Large firms gaining share of high-end work, new opportunities for AFAs, revealed in 2019 CounselLink Enterprise Legal Management Trends Report

By Kris Satkunas, Director of Strategic Consulting, LexisNexis CounselLink

The 2019 CounselLink Enterprise Legal Management Trends Report is the seventh installment of our annual analysis of charges billed by outside counsel. This year, the data is the result of analyzing over $33 billion in legal spending – nearly 7 million invoices and approximately 1.7 million matters processed through our cloud-based legal management platform. The findings were telling for law firms big and small, and we derived several major metrics that will influence the decisions of law departments in the coming year.

Consolidation Has Resulted in a Bigger Share of Wallet for the Largest Firms

Hourly billing rates are increasing across the board for firms of all sizes. However, the roughly “largest 50” firms (those with 750-plus lawyers) have widened the gap relative to rates paid to firms with 501 to 750 lawyers. The largest law firms have realized rates 53% higher than the next tier of firms. (In 2017, our data showed a 45% gap, and in 2016, a 40% gap in rates between these 2 tiers of firms.)

The root cause of the widening gap is not what one might expect, i.e. it’s not the result of the largest firms increasing rates more than those of the next tier of firms. Rather, the gap is being caused by an increasing dominance of the largest firms handling high-end work. The areas where the largest firms dominate the work – Mergers and Acquisitions (74% of this work handled by the “largest 50” firms, Finance, Loans and Investments (58% of work handled by “largest 50” firms), Corporate, General, Tax (55% of work handled by “largest 50” firms) and Regulatory and Compliance (52% of work handled by “largest 50” firms) – coincidentally have the highest average partner rates of all practice areas measured.

The legal industry has witnessed the consolidation of work among firms as in-house legal teams seek to gain broader, deeper relationships with trusted advisors and to leverage greater volumes of work for better prices. Based on CounselLink data, that consolidation has benefited the largest law firms. In prior reports, data suggested some shift of high-end work to the second largest tier of firms, but most recently, it is the largest firms reaping the benefits of consolidation trends.

Savvy legal department leaders who have successfully consolidated work should carefully monitor prices being paid to their preferred providers to ensure that increased volume has in fact been paired with preferential pricing arrangements.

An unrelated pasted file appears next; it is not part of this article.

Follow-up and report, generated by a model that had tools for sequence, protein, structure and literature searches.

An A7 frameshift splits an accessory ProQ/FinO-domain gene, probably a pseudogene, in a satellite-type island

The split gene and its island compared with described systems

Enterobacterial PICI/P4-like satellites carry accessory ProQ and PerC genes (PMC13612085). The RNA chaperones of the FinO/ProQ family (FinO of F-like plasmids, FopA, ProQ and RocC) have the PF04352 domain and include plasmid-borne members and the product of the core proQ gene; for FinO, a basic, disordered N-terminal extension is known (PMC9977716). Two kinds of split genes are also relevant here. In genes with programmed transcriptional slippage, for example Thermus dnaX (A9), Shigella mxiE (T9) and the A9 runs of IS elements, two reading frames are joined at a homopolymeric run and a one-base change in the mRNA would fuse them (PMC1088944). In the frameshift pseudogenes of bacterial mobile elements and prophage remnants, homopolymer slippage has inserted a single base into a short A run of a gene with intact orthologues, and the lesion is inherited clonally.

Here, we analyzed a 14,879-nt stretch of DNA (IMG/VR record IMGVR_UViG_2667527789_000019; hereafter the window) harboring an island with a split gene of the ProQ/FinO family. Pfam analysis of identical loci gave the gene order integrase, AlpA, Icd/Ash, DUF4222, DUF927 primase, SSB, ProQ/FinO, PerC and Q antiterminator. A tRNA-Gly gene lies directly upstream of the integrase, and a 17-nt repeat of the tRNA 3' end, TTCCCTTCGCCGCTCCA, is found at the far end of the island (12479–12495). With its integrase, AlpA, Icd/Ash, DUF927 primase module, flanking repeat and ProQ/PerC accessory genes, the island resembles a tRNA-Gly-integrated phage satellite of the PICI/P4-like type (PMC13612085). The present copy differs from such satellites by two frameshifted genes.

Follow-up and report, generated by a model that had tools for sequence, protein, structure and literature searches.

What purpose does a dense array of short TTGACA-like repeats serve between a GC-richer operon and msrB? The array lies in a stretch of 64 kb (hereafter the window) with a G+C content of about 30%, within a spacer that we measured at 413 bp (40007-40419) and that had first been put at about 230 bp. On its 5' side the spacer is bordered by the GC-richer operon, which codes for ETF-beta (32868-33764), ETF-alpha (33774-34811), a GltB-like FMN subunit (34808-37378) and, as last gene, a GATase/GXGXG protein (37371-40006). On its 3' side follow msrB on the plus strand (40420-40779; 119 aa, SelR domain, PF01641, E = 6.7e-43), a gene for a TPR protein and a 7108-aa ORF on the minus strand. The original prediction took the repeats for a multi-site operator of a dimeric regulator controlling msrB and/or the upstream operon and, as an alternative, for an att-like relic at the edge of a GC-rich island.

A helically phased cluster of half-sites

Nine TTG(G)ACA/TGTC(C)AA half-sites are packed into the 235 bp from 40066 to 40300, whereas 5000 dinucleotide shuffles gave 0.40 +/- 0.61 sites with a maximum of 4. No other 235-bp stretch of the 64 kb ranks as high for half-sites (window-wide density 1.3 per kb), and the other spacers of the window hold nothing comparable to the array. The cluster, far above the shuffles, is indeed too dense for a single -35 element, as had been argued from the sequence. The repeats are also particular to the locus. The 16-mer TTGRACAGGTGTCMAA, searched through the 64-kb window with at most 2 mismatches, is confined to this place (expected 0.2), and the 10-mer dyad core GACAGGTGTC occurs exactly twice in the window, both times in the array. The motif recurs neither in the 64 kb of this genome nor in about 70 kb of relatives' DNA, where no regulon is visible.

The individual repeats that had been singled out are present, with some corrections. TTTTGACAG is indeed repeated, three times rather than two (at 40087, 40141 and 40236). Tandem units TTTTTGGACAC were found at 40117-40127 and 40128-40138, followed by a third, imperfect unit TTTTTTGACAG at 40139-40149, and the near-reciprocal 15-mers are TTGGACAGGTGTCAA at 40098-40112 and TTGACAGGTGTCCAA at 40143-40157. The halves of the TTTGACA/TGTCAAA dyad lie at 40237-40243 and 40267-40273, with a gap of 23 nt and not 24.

Use of Alternative Fee Arrangements (AFAs) Has Increased

AFAs were used in 12.2% of matters in the 12 months of data ending April 30, 2019 — a solid uptick compared to the 10% level the metric has hovered around for the last few years. Based on this year’s results, more departments are finally recognizing the benefit of the predictability AFAs provide around what they’re going to spend on a matter, as well as cost management.

The practice areas of Finance, Loans, and Investments and Employment and Labor saw the highest percentage of matters using AFAs. Employment and Labor practices were early adopters of AFAs, but the Finance, Loans, and Investments category saw a notable increase in recent years, with 28% of matters now billed under some form of alternative billing.

For in-house attorneys interested in engaging in more alternative fee arrangements, it is best to explore such opportunities with firms with whom you have trusted relationships. Law departments that manage legal invoices with e-Billing solutions such as CounselLink should take advantage of the wealth of data captured by those solutions to analyze historic matter spending in order to establish thresholds and fixed fee amounts. And always keep in mind your over-arching objectives (efficiency, predictability, and cost savings) to prevent overly complicated billing arrangements.

Blended Hourly Rates Show Some Increases and Shifts in Volatility

Media attention is most often paid to individual lawyer rates. While individual rates are certainly important to manage, blended hourly rates of timekeepers across matters are more meaningful. Blended matter rates paint a more accurate picture of the effect of hourly rate changes and staffing decisions on legal work.

Rates across most practice areas are rising relative to years past, but the practice areas of Mergers and Acquisitions, IP/trademark, and Finance, Loans, and Investments saw the highest increases in blended hourly rates across timekeepers. It’s no surprise that Mergers and Acquisitions has the highest blended hourly rate given that this work traditionally results in a higher percentage of partner time, and legal departments often engage with white-shoe law firms that bill at higher rates. Accordingly, hourly rates for this practice area have a relatively low “volatility” score, meaning there is not material deviation in the blended rates paid for M&A matters in the industry.

Four practice areas have relatively high rate volatility scores:

  • Corporate, General, Tax
  • Regulatory and Compliance
  • Commercial and Contracts
  • Finance, Loans, and Investments

Legal departments should keep in mind that practice areas with higher volatility may have more opportunity for rate negotiation. E.g. while Corporate, General, Tax draws the second-highest median matter rate (second to Mergers and Acquisitions), it could be a practice area in which legal departments have more opportunity to request that law firms find ways to manage down costs.

Kris Satkunas is Director of Strategic Consulting of LexisNexis CounselLink.